The term “product strategy,” much like the entire role of product management, doesn’t have a standard definition. It means different things at different companies. Some companies don’t have a product strategy at all.
However, as product management functions continue to proliferate both startups and large companies, it’s increasingly important for leaders to develop an effective product strategy. Doing so requires product leaders to step away from their (many) day-to-day responsibilities to think about the big picture.
The product strategy describes who your customers are, how your product fits into the current market, and how it will achieve business goals. The strategy helps your team focus on what will have the most significant impact on your customers and the business.
This guide covers how to fit strategy development into your other planning activities, the four key components of an effective product strategy, and when to iterate on your strategy.
Product strategy turns the vision into a roadmap
Product managers take part in a number of strategic planning activities. Every company has different planning practices, but I’ve noticed some commonalities amongst the highest performing digital companies. These companies have an audacious vision, a roadmap that defines what products and features to build to achieve that vision, and a product strategy that describes how product development fits into the business strategy and company vision.
The company vision is typically set by the Chief Executive Officer, potentially with help from a Chief Product Officer or other c-level executives. The vision describes the ultimate impact the company will have in the world.
In our episode, “Crafting a Vision is Product Management,” Blade Kotelly, Leader of the Advanced Concept Lab at Sonos, said that the vision should be at the bounds of what’s imaginable while still speaking to customer needs. “The best vision always speaks to enduring human needs”, he said. He elaborated, saying that if the vision is too fantastical, it’s not actionable. But if it’s too specific, there isn’t room to iterate based on customer feedback.
IKEA’s vision is to “to create a better everyday life for the many people.” This vision is not specific to the product they offer today (furniture) and is not something that can be definitively defined as achieved in the near future. It’s a north-star that inspires employees and customers.
The product strategy is typically set by the Head of Product. The product strategy describes how product management will help the company achieve the company vision and business goals.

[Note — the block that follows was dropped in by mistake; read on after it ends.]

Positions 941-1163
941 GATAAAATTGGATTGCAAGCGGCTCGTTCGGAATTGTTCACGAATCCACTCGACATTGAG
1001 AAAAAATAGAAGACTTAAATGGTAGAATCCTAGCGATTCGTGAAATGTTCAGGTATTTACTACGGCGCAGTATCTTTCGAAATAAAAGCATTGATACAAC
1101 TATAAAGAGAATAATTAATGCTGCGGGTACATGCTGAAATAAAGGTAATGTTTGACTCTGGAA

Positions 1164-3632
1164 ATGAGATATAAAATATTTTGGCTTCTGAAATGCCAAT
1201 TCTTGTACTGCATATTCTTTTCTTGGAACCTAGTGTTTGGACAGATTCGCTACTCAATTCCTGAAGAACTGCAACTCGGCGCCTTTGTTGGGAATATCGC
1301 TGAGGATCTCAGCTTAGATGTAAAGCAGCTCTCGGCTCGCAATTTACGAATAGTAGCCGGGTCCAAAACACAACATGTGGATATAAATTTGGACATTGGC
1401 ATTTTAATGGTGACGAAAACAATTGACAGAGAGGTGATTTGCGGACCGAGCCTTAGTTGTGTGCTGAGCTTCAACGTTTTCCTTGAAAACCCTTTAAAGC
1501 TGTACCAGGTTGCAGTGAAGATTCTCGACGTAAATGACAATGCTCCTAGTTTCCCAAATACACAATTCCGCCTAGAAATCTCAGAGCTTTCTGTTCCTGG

When I interviewed Steven Haines, Author of the Product Manager’s Survival Guide and former Senior Director of Product Management at Oracle, he described how developing a product strategy fits into a product manager’s role:
“It is vital that people who are in product roles be able to look at what’s going on with the business, identify what that future state ought to be and create a pathway to get there.”
The product strategy describes your target market and your method for achieving business goals. The method may entail building a single product, managing a portfolio of products in order to conquer a category, as Michel Feaster described in “Conquering a Category is Product Management,” or building a platform via an API, as Jeremy Glassenberg described in “Building APIs is Product Management.”
The product roadmap is typically set by the Head of Product, with input from product managers who are closer to customers and engineers. The product roadmap describes what products and features will be built to realize the strategy and vision, who is responsible for building those product features, and, sometimes, an estimate of when those products and features will be released.
The 4 key components of product strategy
The vision is the north-star the company is working to achieve. The roadmap specifies the products and features to build to get there. The strategy describes how to build product features to realize that north-star.
According to Bob Caporale, Author of Creative Strategy Generation and former Head of Thomas & Betts’ Global Product Management and Technology teams, an effective strategy covers four key components: your customers, your competitors, your business, and the macro environment. I’ll break each of those down and then give you an example of a product strategy.
The foundation of a successful business is a product that customers want. Therefore, the product strategy should first define who your customers are. Many companies serve multiple customer segments. For example, many banks provide services to both consumers and businesses.
Make sure you have a strong understanding of your customers’ needs before setting a long-term product strategy or roadmap. And be willing to adjust as you get feedback from your customers throughout the product lifecycle.
Most companies have direct competitors in their market, or, at least, companies that provide a similar value proposition. The product strategy describes how you position your product to your customers given the other products and services on the market.
In the cloud storage market, Box is more tailored to the needs of large companies than Dropbox. Airbnb provides guests with the opportunity to live like a local, while the major hotels provide a consistent experience across the world.
For-profit companies have shareholders that expect the company to make money and provide a return on investment. The product strategy describes how the product will make money and achieve business goals.
Twitter is a consumer product that monetizes its user base through selling advertising space to brands. Box sells subscriptions to its enterprise customers. Companies employ a variety of different business models. It’s important to define your business so that your team understands how the product facilitates it.